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Young Israel of Plainview

Parshat Korach
The Prophecy Project – Rebellions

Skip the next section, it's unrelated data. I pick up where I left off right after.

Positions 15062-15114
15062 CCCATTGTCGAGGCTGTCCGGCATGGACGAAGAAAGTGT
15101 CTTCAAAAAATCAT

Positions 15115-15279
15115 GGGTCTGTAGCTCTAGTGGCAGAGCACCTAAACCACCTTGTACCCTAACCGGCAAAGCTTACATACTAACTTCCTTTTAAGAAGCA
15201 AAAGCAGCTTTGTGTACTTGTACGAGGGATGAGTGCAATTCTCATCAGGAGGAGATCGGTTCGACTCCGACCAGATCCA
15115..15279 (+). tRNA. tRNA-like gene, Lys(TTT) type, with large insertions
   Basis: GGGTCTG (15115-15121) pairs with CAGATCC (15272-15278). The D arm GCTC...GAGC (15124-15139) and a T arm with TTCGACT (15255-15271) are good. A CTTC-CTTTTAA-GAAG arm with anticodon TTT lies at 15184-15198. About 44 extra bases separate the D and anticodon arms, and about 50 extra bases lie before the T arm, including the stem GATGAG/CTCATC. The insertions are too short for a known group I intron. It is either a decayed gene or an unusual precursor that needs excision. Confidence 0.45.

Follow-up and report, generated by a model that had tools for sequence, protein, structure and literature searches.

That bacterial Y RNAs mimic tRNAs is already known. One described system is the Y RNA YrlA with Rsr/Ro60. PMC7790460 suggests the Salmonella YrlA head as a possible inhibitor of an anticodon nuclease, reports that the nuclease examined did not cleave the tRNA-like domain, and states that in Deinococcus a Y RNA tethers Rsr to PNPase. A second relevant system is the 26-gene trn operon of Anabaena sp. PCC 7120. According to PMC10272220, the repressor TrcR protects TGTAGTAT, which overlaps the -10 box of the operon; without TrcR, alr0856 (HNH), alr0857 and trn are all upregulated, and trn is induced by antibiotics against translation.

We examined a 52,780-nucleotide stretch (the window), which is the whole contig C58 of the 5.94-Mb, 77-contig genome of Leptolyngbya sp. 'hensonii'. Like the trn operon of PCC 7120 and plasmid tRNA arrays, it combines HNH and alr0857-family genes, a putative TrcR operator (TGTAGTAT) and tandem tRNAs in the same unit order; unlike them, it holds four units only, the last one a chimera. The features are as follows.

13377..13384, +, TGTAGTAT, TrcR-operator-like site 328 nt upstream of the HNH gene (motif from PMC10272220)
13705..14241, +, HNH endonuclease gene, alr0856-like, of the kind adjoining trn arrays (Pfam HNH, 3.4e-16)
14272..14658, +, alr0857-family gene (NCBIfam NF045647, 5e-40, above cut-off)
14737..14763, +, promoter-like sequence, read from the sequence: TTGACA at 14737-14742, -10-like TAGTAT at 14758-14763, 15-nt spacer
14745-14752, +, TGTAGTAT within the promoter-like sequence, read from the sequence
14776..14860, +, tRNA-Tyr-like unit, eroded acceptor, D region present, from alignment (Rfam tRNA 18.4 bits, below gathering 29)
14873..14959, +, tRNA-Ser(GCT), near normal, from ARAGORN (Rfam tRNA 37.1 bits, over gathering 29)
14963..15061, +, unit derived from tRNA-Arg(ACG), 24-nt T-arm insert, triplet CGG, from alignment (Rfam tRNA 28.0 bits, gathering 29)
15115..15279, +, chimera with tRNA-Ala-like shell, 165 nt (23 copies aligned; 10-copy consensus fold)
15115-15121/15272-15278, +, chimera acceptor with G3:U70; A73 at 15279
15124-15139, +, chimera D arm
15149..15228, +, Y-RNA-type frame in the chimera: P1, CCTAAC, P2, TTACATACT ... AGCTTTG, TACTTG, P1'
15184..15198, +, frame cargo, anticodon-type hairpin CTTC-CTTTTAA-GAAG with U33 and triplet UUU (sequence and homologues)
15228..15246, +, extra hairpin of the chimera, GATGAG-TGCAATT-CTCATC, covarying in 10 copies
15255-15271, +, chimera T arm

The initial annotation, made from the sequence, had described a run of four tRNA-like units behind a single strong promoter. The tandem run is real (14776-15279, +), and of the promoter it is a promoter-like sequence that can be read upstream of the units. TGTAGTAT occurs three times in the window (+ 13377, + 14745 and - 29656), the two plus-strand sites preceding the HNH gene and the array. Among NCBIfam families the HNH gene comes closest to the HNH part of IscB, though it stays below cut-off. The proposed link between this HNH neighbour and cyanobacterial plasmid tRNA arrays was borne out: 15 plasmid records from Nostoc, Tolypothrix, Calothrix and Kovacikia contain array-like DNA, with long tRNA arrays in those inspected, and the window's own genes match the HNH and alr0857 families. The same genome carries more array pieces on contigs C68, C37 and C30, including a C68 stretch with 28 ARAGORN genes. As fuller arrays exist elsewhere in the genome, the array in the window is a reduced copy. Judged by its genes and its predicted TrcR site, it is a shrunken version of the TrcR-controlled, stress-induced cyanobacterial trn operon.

Both our Parsha (Korach) and Haftorah (I Samuel 11-12) describe rebellions. Moses, of course, confronts Korach and his rebels who question their leader's authority over all religious and political decisions. The Prophet Samuel, similarly, accuses the Israelites of rebelliousness for their request of a king “like all the other nations”. himself. Intuitively, we recognize the stark contrast between the two rebellions. Korach, audaciously seeks to subvert the power of Moses and obtain that power for Samuel's Israel, however, rejects not the prophet's leadership, but the nature of that leadership. They seek the king who will replace the prophet. From a certain perspective, noting the unethical actions of the Prophet Samuel's children, Samuel's generation was justified in their request for a new leader. Nevertheless, the prophet is harsh in his criticism of the people's request: “behold they have rebelled against me, against the Lord, and against his anointed one” (12:3) Perhaps, the comparison between our Parsha and Haftorah exists more subtly in the psychological perspective of the people. Both Korach and Samuel's generation seek to free their leadership from Divine authority. Korach rejected Moses as he was imposed upon them by God and not taken from the people. So too, Samue's Israel sought to free itself from the Divinve authority of a ProphetLeader. Samuel therefore responds carefully: “If you fear the Lord and serve Him... and if you and your king who God has reigned over you continue following the Lord” (12:14). The king of Israel, like a prophet, must lead the people to God. While a political leader, the monarch of Israel, represents God to the people like a prophet. Interestingly, Samuel, a Levite, descends from Korach (see I Chronicles 6:18-23). Our Haftorah is perhaps highlighting the people's repentance. Once again they seek alternative leadership; this time, however, they accept the notion of Jewish leadership's relationship to God. Ultimately, there will be no successful nation and leader without commitment to the Law of God. Wednesday Night Shiur – New Topic: The Making of Modern Judaism A Halachik revolution began with the publishing of the Shulchan Aruch, the Code of Jewish Law by R. Yosef Karo in 1565. This set of shiurim will explore the last 500 years of Halachik history, understanding the works and personalities that created the modern Jewish experience of the present. Join us (men and women) for our first shiur, June 27 at 9PM Codification and Controversy: R. Yosef Karo and the Publishing of the Shulchan Aruch. All classes will be available online as MP3 as well.